Four Articles and a Poem

9:21 AM

As customary, I post four articles that I found significant and a poem. Our lives are enriched by seeing better. Each week, one article comes from the world of photography, a discipline that is about seeing. Another article comes from the world of technology, hence seeing something of the future. Another article takes up an aspect of our life together, seeing more clearly the other. Another article refers to faith, seeing the unseen. Finally, the weekly post concludes with a poem, because poetry is about seeing words whose arrangement allows us to see anew.

Today is the Feast of St. James the Great, Apostle. I was privileged to be able to walk the Camino de Santiago twice with my father, in 2010 and 2014. It was just over a year ago that we completed our second pilgrimage. Santiago, Apóstol, ruega por nosotros.

This week, I recommend the following articles:
  1. The best camera is the one you have with you. Mike Moats daily provides insights into the world of macro photography on his blog. While a full-time professional macro photographer and photography educator, Moats, to illustrate the point of this post, ordinarily does not use the newest, shiniest, most expensive gear to make his images. As his post indicates, "the best camera is the one that you have with you." I suspect that we could use this wisdom to great benefit on multiple subjects in out lives.
  2. Is rudeness in the workplace contagious? Trevor Foulk, a doctoral student at the University of Florida, documents research that he and colleagues performed. The findings, published June 29 in the Journal of Applied Psychology, provide the first evidence that everyday impoliteness spreads in the workplace. Sadly, we know that rudeness is found not only in the workplace but also on social media. The band MAGIC!, in their song "Rude," ask us: "Why you gotta be so rude?" While the findings seem rather matter-of-fact, I do hope that we can advance with civility over the growing coarseness in our discourse and treatment of one another. Odds are against us, as the presidential election is 15 months away, but we can always pray.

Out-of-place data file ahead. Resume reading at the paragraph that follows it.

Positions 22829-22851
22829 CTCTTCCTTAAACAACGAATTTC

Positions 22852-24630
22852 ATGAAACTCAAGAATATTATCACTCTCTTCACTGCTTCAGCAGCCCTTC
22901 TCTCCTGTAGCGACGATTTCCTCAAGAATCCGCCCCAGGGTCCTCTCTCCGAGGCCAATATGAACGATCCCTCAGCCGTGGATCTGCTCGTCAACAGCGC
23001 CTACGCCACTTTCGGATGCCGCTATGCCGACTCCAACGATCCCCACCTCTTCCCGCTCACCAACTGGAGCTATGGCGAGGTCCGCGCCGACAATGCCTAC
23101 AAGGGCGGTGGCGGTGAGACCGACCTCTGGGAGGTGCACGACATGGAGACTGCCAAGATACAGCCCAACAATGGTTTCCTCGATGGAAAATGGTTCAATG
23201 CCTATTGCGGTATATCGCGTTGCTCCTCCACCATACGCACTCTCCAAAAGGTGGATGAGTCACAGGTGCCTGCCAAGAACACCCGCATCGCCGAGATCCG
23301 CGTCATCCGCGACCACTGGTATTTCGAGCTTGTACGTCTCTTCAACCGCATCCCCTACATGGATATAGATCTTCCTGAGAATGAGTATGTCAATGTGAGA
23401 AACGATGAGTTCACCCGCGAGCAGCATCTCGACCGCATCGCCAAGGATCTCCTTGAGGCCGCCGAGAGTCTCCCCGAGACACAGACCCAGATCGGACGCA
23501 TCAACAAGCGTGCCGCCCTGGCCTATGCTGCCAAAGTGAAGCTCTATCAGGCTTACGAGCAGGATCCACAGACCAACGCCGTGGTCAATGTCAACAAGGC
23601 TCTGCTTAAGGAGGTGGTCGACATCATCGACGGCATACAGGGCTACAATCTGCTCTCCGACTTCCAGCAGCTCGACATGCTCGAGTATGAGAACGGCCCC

3. Does weaker democracy mean weaker technology? Hilary Sutcliffe, director of MATTER, a UK NGO/think tank, observed, "While the erosion of trust in political institutions and processes isn’t often directly associated with technology innovation, the two are inextricably interwoven." Her article examines this relationship with three negative scenarios and a proposed "golden scenario." Frankly, the article is too short. A weakened democracy opens us to all sort of Orwellian nightmares. Our hope, from technology, is that it is deployed by those who disrupt our descent. Unlike Peter Huber and his rock-solid faith in the free market, I believe that technology, deployed by those with ends other than simply profit, like the open-source movement, are more likely to break our fall. Nonetheless, the implications of weaker democracy, measured in decreased political participation (uninformed general public, declining voter participation, etc.) has enormous impact on every other aspect of our lives.